Euralex 1998 Part 2

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D/LNo.AuthorsTitle
001Cover pages
002Contents
003PART 4 – The Dictionary-Making Process
004Renata BlatnáLexico-grammatical Compound Units and their Elaboration in Dictionaries
005Vincent J. Docherty, Ulrich HeidComputational Metalexicography in Practice – Corpus-based support for the revision of a commercial dictionary
006Rosamund MoonOn using spoken data in corpus lexicography
007Liz PotterSetting a good example. What kind of examples best serve the users of learners’ dictionaries?
008Agnes Tutin, Jean VéronisElectronic Dictionary Encoding: Customizing the TEI Guidelines
009Serge Verlinde, Jean Binon, Jeanne DancetteRedéfinir la définition
010PART 5 – Bilingual Lexicography
011Jeanne DancetteLe potentiel du dictionnaire spécialisé bilingue électronique : viser la discursivité ou la formalisation des relations sémantiques ?
012Petek KurtbökeNon-equivalence of delexicalised verbs in bilingual dictionaries
013Leonard NewmarkReversing a One-Way Bilingual Dictionary
014Georges PilardArgot, slang et lexicographie bilingue
015Richard WakelyThe treatment of French reflexive verbs in bilingual dictionaries
016PART 6 – Lexicographical and Lexicological Projects
017Alessandra Corda, Vincenzo Lo Cascio, Massimiliano PipoloAutomatic Reversal of a Bilingual Dictionary: Implications for Lexicographic Work
018Susanne GahlAutomatic Extraction of Subcategorization Frames for Corpus-based Dictionary-building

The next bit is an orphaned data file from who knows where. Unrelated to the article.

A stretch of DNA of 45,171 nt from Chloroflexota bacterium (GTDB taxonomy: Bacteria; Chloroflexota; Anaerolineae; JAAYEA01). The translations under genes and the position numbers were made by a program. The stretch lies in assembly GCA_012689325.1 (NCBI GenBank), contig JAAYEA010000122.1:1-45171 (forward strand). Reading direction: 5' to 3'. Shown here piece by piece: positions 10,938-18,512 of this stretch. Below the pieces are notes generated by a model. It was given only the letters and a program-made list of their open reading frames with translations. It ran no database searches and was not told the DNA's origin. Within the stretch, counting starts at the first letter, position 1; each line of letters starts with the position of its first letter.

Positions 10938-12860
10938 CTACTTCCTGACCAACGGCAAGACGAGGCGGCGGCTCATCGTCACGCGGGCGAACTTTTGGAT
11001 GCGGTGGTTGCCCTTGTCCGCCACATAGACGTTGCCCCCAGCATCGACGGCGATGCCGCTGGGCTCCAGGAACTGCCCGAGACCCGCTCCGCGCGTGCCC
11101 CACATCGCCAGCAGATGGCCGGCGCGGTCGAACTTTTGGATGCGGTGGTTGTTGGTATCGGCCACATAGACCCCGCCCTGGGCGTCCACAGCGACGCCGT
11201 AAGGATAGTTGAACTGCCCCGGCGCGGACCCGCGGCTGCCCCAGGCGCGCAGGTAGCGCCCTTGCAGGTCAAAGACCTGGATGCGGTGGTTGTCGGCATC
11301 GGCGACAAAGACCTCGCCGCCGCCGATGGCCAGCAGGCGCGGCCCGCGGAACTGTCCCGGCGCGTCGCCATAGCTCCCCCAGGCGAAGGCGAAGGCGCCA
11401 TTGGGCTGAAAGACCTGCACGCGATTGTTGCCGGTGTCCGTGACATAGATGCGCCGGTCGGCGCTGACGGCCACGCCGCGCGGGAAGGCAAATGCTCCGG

019Sangsup LeeCompiling a Monolingual Learner’s Dictionary on Corpus Linguistic Principles: the Case of YLDCK
020Anatoly LibermanWhat Can We Expect from a New Dictionary of English Etymology?
021Lennart LönngrenA Swedish Associative Thesaurus
022Tatiana MorchtchakovaConceptualizing the New Bilingual Dictionary of Legal Terms (Russian-English)
023PART 7 – Terminology and Dictionaries
024Lynne BowkerVariant terminology: frivolity or necessity?
025Tanja ColletTransparence syntaxique et paradigme réductionnel du syntagme terminologique
026Claudia DobrinaGoing European: a Swedish terminological project in questions and answers
027Marie-Claude L'HommeCaractérisation des combinaisons lexicales spécialisées par rapport aux collocations de langue générale
028Ingrid Meyer, Victoria Zaluski, Kristen Mackintosh, Clara FozMetaphorical Internet Terms in English and French
029PART 8 – Dictionary Use
030Richard J. AlexanderReally spoilt for choice? Fixed expressions in learners’ dictionaries of English
031Victoria Alsina, Janet DeCesarisMorphological structure and lexicographic definitions: The case of -ful and -like
032Paul BogaardsScanning long entries in learner’s dictionaries
033Man Lai Amy ChiTeaching dictionary skills in the classroom
034John ConsidineWhy do large historical dictionaries give so much pleasure to their owners and users?
035Véronique DoppagneMoving EFL Students to a Regular Use of the Learner’s Dictionary: carrot or stick approach?
036Philippe HumbléThe use of authentic, made-up and ‘controlled’ examples in foreign language dictionaries.
037Virpi Kalliokuusi, Krista VarantolaFrom general dictionaries to terminological glossaries. User expectations vs editorial aims
038Don R. McCreary, Fredric DoležalLanguage Learners and Dictionary Users: Bibliographic Findings and Commentary
039Linda C. MitchellPedagogical Practices of Lexicographers in Seventeenth- and Eighteenth- Century England
040Thierry Selva, Thierry ChanierApport de l’informatique pour l’accès lexical dans les dictionnaires pour apprenants : projet Alexia
041PART 9 – Miscellaneous
042Ingrid Meyer, Krista Varantola, Kristen MackintoshFrom Virtual Sex to Virtual Dictionaries: On the Analysis and Description of a De-terminologized Word
043Piet SwanepoelBack to basics: prepositions, schema theory, and the explanatory function of the dictionary
044List of Contributors
045Acknowledgements